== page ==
After the top plate that has been drilled with a 1/4" bit and the countersink is finished you are ready to cement 11/8"×1/4" PLEXIGLAS around the edge for transparent cover and to hold seeds. The best way to set the rails 36 correctly is to install all three plates in frame 32. Put one end on and screw to sides, then place the three plates in position, sliding handle through the opening in the end. In assembly of frame parts No. 3 and 10 are installed with small amount of wood glue and held in place be nails. (see detail on Page 11, FIG. 5).
Now put the 1/4"×7/8" plywood strips on each side of frame as shown with the outside edge of plywood flush with edge sides on top held in place by #4 brass screws (for approximate locations see Page 20, FIG. 16). The function of this is to hold down pressure on the plates to keep seeds from going between plates, not too tight so that the center plate won't move freely. Now you can cement the 1/4"×263/4" and side rails glass on edge and against the 7/8" plywood strips. This way you know where both sides are cemented in place on top correctly and won't let top plates slide back and forth on seeder.
Next stop is to cement ends inside the 1/4" thick side rails and against ends of frame tight. Let dry thirty (30) minutes to one (1) hour. Now you are done.
Page 13 FIG. 7 shows the layout and operation in a cut section of seeder plates. How center plate travels back to fill and other direction to drop seed into tray cells to be seeded below in tray.
The transparent cover 40 is made from 0.090" plexiglas. Heat bend a 3/4" lip to form a 90 degree angle to lap over the 11/8" sides of the seed resevoir. This will keep any debris from getting into the seeder which may cause malfunction during seeding operations. It also allows the operator to see into the top of the seeder at all times to determine if more seed is needed.
The heat bending is done by following the manufacturers instructions included with most heat bending equipment such as BRICK HEAT RH-36 Plastic Bending Heater Element from Columbus, Ohio.
In effect you take a 1/2" heat strip 36" long, using 110 volts to heat a strip of glass. When heated, place into a jig and bend 3/4" to 90 degree angle and let cool. The jig used is simply a 3/4"×3×36" board screwed to a piano hinge.
If your seeder needs to be cleaned from prior use, you need to do so before you begin seeding. To begin cleaning, remove the two (2) screws and springs in the glass. Remove one end of seeder by taking the two (2) screws out of each side with a Philip screwdriver. Loosen the three (3) brass screws on each side. (these hold pressure down on plate sides and keeps seed from going between plates) Watch closely which end comes out first, to insure that orientation is the same during reassembly. Be sure and put back the same way. DO NOT turn the plates over or arrange them differently or the holes will not line up, and the seeder will not operate properly.
Wash the plates with a glass cleaner or soap and water. After the plates are cleaned and dried, take a toothpick and run in each hole in center plate. DO NOT use metal objects to clean holes. Spray all plates and cover with "STATIC GUARD". Let dry a second or two. Put a light coat of baby powder on both sides of plates. Wipe off baby powder with a soft cloth. (plates only)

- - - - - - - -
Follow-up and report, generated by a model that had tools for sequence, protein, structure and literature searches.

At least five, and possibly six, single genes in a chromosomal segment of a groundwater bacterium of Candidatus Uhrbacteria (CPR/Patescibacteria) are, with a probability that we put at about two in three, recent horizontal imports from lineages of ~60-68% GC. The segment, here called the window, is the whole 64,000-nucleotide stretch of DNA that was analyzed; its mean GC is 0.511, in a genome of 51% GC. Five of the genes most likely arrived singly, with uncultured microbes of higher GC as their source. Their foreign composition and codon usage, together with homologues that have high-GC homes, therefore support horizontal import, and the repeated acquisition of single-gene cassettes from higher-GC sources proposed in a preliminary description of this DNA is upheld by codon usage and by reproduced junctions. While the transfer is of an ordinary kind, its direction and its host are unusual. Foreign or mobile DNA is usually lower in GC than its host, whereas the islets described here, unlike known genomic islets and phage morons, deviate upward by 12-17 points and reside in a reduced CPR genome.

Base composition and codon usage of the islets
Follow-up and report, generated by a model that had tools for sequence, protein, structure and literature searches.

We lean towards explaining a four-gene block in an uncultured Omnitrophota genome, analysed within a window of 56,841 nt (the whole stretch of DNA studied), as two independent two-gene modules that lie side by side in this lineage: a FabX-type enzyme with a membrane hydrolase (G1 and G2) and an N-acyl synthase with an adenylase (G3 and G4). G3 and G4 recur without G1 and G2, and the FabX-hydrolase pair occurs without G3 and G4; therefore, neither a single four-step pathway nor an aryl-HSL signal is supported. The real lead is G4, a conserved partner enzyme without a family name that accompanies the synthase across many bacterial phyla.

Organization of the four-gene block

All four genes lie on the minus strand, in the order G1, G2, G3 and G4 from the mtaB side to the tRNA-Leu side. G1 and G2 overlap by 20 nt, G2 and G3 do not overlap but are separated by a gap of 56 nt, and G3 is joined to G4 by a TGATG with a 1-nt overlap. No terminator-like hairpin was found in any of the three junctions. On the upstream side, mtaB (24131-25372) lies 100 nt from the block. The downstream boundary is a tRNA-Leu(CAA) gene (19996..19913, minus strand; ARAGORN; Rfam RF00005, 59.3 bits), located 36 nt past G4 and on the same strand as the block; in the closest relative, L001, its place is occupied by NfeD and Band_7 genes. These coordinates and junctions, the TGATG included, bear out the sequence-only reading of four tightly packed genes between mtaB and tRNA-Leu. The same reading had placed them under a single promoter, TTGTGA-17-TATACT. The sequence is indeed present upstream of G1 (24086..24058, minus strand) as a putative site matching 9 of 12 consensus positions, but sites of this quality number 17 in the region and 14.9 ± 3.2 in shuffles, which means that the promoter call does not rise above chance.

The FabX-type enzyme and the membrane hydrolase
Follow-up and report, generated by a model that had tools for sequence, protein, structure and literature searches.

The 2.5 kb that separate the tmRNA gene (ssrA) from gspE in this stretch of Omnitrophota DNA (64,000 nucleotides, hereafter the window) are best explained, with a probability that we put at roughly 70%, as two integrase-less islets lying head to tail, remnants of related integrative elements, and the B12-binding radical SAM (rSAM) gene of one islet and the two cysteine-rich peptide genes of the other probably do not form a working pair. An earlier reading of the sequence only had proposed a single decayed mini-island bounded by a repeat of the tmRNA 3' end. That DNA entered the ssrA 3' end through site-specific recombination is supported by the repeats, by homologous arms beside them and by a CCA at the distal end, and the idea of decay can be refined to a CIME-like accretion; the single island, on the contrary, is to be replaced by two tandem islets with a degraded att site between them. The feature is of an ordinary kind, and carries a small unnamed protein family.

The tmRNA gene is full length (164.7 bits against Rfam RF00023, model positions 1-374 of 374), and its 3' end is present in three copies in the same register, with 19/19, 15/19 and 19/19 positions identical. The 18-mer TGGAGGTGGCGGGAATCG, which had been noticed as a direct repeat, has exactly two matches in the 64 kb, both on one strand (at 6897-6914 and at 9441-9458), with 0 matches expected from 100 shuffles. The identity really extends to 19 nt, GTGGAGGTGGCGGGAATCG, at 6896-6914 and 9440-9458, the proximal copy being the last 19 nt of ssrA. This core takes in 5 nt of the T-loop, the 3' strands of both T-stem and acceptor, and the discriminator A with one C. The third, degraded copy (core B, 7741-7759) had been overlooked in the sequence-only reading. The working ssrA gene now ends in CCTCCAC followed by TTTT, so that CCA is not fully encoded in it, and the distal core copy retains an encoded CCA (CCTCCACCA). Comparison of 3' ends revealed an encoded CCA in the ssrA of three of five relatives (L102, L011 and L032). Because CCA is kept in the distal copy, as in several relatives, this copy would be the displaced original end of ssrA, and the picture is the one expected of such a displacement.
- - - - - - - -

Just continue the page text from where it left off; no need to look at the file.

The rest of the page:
You are ready to reassemble plates as they were taken apart. Replace end on seeder. Replace the two (2) screws and springs in the center of plates, with about half the spring collapsed. Then snug up the three (3) brass screws on each side to hold plates together. Slide center plate back and forth, checking holes for alignment and making sure the center plate moves freely, not tightly.
Pour your seeds in and over the top of the cells. As you pour your seeds in DO NOT put your hands in to scatter the seeds, this will cause shells to come off some of the seeds. Replace cover and tilt over, so seed will fill all cells. Set seeder on tray and start seeding.
To get a 100% each time you need to slide center plate all the way over to fill position. Then move slightly toward drop position, about 1/16 inch. Slide center plate to drop position hard enough to feel or hear plate bump the other end. This allows a slight jar to assure all seeds have dropped into tray.
When you are finished with your seeder, you will want to remove any left over seeds. Put your thumb on each end of cover. Hold the seeder firmly, tilt on end to one corner. Set seeder down flat. Remove cover, then pour out.
Note that the clear plastic tube 42 around the spring 44 of the seeder support device 46 acts as a shock absorber to limit movement of the spring due to frictional pressure with the tube.
The adjustable support arm mechanism for holding the frame above a table for sliding the tray thereunder is shown in FIGS. 10 and 11 as hooks 48 for holding the frame suspending from a pair of springs extending downwardly from a pair of spaced apart horizontal arms 50 each one being slidably attached to a vertical support member 52 including adjustable clamps 54 for holding the vertical support members erect.
The foregoing detailed description is given primarily for clearness of understanding and no unnecessary limitations are to be understood therefrom, for modifications will become obvious to those skilled in the art based upon more recent disclosures and may be made without departing from the spirit of the invention and scope of the appended claims.
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|Citing Patent||Filing date||Publication date||Applicant||Title|
|CN104145573A *||Aug 14, 2014||Nov 19, 2014||宁波大龙农业科技有限公司||Vacuum seeder|
|CN104429230A *||Oct 25, 2014||Mar 25, 2015||慈溪市梦园果蔬专业合作社||Array type seeding machine in greenhouse|
|U.S. Classification||111/105, 221/252, 111/200|
|Dec 17, 2003||FPAY||Fee payment|
Year of fee payment: 4
|May 19, 2008||REMI||Maintenance fee reminder mailed|
|Nov 7, 2008||LAPS||Lapse for failure to pay maintenance fees|
|Dec 30, 2008||FP||Expired due to failure to pay maintenance fee|
Effective date: 20081107